Back when I made my living as a high school English teacher, I used to tell my ninth graders that the class unit with the most practical application to their lives was Greek tragedy. “Grammar’s important, too,” I would hasten to add. “Don’t get me wrong. But not all of you will require a working knowledge of English grammar to get by in life.
Three years ago, on the very first broadcast of Religion & Ethics NewsWeekly, the PBS program I host, we did a feature on a stretch of road outside Washington, D.C., that has been nicknamed the “Highway of Heaven.” Side by side, block after block, is an amazing variety of new places of worship for Vietnamese Catholics, Korean Presbyterians, Cambodian Buddhists, Ukrainian Ortho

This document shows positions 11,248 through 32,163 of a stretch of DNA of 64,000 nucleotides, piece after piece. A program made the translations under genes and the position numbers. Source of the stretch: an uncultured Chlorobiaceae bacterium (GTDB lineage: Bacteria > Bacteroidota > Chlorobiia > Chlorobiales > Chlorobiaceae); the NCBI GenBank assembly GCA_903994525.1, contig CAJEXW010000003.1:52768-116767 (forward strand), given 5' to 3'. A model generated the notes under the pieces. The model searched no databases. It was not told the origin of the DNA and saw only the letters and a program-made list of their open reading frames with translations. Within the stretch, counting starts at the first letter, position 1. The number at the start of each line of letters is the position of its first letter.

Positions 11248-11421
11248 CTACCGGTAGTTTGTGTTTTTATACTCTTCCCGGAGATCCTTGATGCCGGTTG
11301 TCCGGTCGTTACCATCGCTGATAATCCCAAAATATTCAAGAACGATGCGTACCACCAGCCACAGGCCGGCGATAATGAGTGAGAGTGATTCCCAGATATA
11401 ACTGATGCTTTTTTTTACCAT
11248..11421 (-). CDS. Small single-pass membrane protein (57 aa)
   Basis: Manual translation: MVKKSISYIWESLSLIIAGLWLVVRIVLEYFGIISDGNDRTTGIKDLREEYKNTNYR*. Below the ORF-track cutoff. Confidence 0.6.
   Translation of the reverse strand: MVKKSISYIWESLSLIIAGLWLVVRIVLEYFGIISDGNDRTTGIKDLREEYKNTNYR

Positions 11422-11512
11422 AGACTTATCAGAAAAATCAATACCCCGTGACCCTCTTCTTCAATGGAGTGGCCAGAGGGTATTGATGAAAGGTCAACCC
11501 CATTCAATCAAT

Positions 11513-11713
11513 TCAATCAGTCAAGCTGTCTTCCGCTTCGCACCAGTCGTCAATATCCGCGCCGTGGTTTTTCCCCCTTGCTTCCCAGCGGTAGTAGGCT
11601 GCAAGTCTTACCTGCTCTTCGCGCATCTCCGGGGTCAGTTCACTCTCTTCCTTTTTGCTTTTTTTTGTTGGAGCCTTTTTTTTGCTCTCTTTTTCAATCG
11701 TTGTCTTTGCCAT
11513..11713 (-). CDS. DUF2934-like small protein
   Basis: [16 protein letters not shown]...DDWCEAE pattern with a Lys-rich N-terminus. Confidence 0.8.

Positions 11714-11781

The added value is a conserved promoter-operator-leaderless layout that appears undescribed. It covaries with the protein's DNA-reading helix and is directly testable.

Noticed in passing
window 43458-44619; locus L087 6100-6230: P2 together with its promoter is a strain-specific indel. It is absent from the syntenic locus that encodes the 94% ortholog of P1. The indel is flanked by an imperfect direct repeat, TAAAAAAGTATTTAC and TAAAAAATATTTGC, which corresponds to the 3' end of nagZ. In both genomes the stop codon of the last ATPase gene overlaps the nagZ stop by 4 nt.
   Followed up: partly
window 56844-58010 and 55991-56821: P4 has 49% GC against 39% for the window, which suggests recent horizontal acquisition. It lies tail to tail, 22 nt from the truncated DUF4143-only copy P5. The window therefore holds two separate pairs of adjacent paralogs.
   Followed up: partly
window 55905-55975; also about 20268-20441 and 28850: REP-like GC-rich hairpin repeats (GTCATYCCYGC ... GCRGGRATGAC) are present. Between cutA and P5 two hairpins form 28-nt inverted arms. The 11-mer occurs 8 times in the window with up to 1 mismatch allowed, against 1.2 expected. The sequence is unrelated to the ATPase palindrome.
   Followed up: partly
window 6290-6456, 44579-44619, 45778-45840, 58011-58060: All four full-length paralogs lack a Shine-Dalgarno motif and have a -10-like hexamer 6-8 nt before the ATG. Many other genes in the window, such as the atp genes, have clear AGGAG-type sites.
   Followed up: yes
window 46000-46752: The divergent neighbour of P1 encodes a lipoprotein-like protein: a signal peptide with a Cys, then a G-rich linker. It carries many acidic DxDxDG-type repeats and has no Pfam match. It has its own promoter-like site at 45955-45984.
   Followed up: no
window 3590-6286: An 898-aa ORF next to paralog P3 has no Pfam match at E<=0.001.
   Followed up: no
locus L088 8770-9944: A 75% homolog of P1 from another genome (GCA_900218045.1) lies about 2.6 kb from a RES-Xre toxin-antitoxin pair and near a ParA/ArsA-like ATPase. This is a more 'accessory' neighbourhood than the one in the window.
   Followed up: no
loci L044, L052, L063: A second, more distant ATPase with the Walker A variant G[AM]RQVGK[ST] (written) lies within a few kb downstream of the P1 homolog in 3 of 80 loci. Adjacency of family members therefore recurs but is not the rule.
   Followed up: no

I imagine it like this. We put up signs all over the Northeast Kingdom, that region of Vermont in which my neighbors and I continue to enjoy the distinction of being outnumbered by Holstein cows. The signs invite anyone with a chainsaw, and especially those who make a living with one, to come to a Monday sunrise service to have their saws blessed.
Under a quartz-blue sky last October, a procession made its way from Habitat for Humanity’s international headquarters in Americus, Georgia, to a modern gray one-story building a few blocks away. A sign identified the place as Habitat’s Clarence Jordan Center, used for training and programs.